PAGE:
The polymerization reaction may be carried out in the presence of one or more conventional polymerization catalysts. Typical catalysts or catalyst systems for polyester condensation are well known in the art. Suitable catalysts are disclosed, for example, in U.S. Pat. Nos. 4,025,492, 4,136,089, 4,176,224, 4,238,593, and 4,208,527, the disclosures of which are herein incorporated by reference. Further, R. E. Wilfong, Journal of Polymer Science, 54, 385, (1961) describes typical catalysts, which are useful in polyester condensation reactions. Preferred catalyst systems include Ti, Ti/P, Mn/Ti/Co/P, Mn/Ti/P, Zn/Ti/Co/P, Zn/Al, and Li/Al. When cobalt is not used in the polycondensation, copolymerizable toners may be incorporated into the copolyesters to control the color of these copolyesters so that they are suitable for the intended applications where color may be an important property. In addition to the catalysts and toners, other conventional additives, such as antioxidants, dyes, etc., may be used in the copolyesterifications in typical amounts.
One or more branching agents may also be useful in making the polyesters formed within the context of the invention. The branching agent can be one which provides branching in the acid unit portion of the polyester, or in the glycol unit portion, or it can be a hybrid. Some of these branching agents have already been described herein. However, illustrative of such branching agents are polyfunctional acids, polyfunctional glycols and acid/glycol hybrids. Examples include tri or tetracarboxylic acids, such as trimesic acid, pyromellitic acid and lower alkyl esters thereof and the like, and tetrols such as pentaerythritol. Also triols such as trimethylopropane or dihydroxy carboxylic acids and hydroxydicarboxylic acids and derivatives, such as dimethyl hydroxy terephthalate, and the like are useful within the context of this invention. Trimellitic anhydride is a preferred branching agent. The branching agents may be used either to branch the polyester itself or to branch the polyester/polycarbonate blend of the invention.
Polycarbonates useful in this invention comprise the divalent residue of dihydric phenols bonded through a carbonate linkage and are represented by structural formulae II and III.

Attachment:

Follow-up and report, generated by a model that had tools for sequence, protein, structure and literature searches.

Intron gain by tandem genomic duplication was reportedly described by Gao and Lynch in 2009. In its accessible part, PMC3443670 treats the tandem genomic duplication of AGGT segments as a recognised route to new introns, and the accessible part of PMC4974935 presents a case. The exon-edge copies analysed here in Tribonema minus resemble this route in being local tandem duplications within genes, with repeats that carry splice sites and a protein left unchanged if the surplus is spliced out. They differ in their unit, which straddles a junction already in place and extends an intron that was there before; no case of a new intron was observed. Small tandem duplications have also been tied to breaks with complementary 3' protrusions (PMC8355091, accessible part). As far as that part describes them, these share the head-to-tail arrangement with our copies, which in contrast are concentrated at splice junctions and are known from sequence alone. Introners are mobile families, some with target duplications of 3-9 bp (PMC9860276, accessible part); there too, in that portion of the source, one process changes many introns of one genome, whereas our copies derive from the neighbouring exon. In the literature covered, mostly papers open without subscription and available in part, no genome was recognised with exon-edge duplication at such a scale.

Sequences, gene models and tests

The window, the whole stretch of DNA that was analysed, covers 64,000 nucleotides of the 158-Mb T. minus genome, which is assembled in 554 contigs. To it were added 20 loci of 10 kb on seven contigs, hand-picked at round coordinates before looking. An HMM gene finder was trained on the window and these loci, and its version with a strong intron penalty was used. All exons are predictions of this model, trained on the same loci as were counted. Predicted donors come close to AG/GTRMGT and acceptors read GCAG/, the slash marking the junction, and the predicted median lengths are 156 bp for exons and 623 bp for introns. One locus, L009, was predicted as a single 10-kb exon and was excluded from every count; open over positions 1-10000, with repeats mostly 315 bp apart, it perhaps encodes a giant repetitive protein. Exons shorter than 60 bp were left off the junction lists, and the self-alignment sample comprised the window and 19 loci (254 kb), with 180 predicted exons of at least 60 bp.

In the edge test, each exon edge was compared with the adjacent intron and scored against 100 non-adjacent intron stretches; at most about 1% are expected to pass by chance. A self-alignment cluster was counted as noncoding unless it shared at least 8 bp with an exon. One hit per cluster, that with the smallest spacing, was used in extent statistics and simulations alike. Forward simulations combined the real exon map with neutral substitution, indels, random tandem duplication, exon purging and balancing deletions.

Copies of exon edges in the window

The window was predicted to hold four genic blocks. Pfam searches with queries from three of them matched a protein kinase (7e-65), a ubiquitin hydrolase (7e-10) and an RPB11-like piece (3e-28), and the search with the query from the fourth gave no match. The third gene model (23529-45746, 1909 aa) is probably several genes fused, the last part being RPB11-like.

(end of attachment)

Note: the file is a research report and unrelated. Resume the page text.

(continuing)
A denotes an alkylene group with 1 to 8 carbon atoms; an alkylidene group with 2 to 8 carbon atoms; a cycloalkylene group with 5 to 15 carbon atoms; a cycloalkylidene group with 5 to 15 carbon atoms; a carbonyl group; an oxygen atom; a sulfur atom; —SO— or —SO2; or a radical conforming to e and g both denote the number 0 to 1; Z denotes F, Cl, Br or C1-4.alkyl; and if several Z radicals are substituents in one aryl radical, they may be identical or different from one another; d denotes an integer of from 0 to 4; and f denotes an integer of from 0 to 3.
By the term “alkylene” is meant a bivalent saturated aliphatic radical wherein the two valences are on different carbon atoms, e.g., ethylene,; 1,3-propylene; 1,2-propylene; 1,4-butylene; 1,3-butylene; 1,2- butylene, amylene, isoamylene, etc. By the term “alkylidene” is meant a bivalent radical wherein the two valences are on the same carbon atoms, e.g., ethylidene, propylidene, isopropylidine, butylidene, isobutylidene, amylidene, isoamylidene, 3,5,5,-trimethylhexylidene. Examples of “cycloalkylene” are cyclopropylene, cyclobutylene, and cyclohexylene. Examples of “cycloalkylidene” are cyclopropylidene, cyclobutylidene, and cyclohexylidene. Examples of C1-4.alkyl are methyl, ethyl, propyl, isopropyl, butyl, and isobutyl.